# How do we reconcile the fermionic wavefunction and fermion field?

I know in the study of atoms and molecules we use quantum mechanics, where in the case of fermions, we have the property of wavefunction $$\psi_{\alpha\beta\cdots \gamma}(t)=\psi_{[\alpha \beta \cdots \gamma]}(t)$$ where $$\alpha,\beta,\gamma$$ are abstract indices for both space and spinors. On the other hand in QFT we talk about Grassmann-valued fields and in the Lagrangian (path-integral) formalism we write down fields like $$\Psi,\Phi$$ with the property that $$\Psi\Phi(\vec{x},t)=-\Phi\Psi(\vec{x},t).$$ I believe this is just another question confusing to many other grad students when they study these things. And my question is when I think of a bunch of fermions (identical or partial identity), what/which object should be in my mind? A function from spacetime $$\mathbb{R}^{3+1}$$ to what? (spinors or the mysterious object Grassmann number which is not even $$\mathbb{C}$$-valued). The former is a "quantum wavefunction" with norm squared interpreted as a probability for multi-particles, while the latter is a "classical field" with a more preference on the wave side in terms of the centuries-long confusion particle-wave duality.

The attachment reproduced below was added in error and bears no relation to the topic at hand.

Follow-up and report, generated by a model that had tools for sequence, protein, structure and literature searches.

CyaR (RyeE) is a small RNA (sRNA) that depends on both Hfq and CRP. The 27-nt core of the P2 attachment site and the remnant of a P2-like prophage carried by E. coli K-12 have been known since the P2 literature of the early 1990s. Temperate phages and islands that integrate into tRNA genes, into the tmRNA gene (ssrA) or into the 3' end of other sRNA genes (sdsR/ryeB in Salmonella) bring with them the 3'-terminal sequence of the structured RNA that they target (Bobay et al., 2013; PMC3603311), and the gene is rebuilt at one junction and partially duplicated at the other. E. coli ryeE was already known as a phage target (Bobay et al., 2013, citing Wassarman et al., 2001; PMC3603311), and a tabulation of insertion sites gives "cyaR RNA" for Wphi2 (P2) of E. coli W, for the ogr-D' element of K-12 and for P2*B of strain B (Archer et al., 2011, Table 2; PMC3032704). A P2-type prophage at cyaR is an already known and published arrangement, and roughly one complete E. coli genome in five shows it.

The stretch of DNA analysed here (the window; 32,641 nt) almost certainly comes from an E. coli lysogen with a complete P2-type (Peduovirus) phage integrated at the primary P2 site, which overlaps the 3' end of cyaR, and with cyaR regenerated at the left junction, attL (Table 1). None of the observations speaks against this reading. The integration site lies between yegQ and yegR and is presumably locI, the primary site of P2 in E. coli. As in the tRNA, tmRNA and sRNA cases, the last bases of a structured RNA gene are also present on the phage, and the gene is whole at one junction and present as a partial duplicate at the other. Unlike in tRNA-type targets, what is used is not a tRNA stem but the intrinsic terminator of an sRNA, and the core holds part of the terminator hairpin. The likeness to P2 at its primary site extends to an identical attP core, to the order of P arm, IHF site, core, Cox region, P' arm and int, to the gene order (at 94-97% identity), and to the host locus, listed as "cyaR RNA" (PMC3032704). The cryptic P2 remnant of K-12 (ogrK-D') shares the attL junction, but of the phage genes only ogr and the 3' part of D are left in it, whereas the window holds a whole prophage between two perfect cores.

I know that "coherent state is something like behaves classically" but even so I don't think there's even any classical limit s.t. some quantum state (a complex-valued function) becomes a Grassmann-valued spacetime function under this limit in a miracle way.

I have this confusion arise multiple times in my process of studying in various ways. But it never got solved completely. I wish there was someone that can answer my confusion once and for all. (Sorry for questioning such a beautiful treatment that is century-long and THE most precise theory throughout human civilization. It's just that to think of the behavior of free electrons floating in the air or space as a Grassmann number-valued function is too bizarre and counter-intuitive to me.)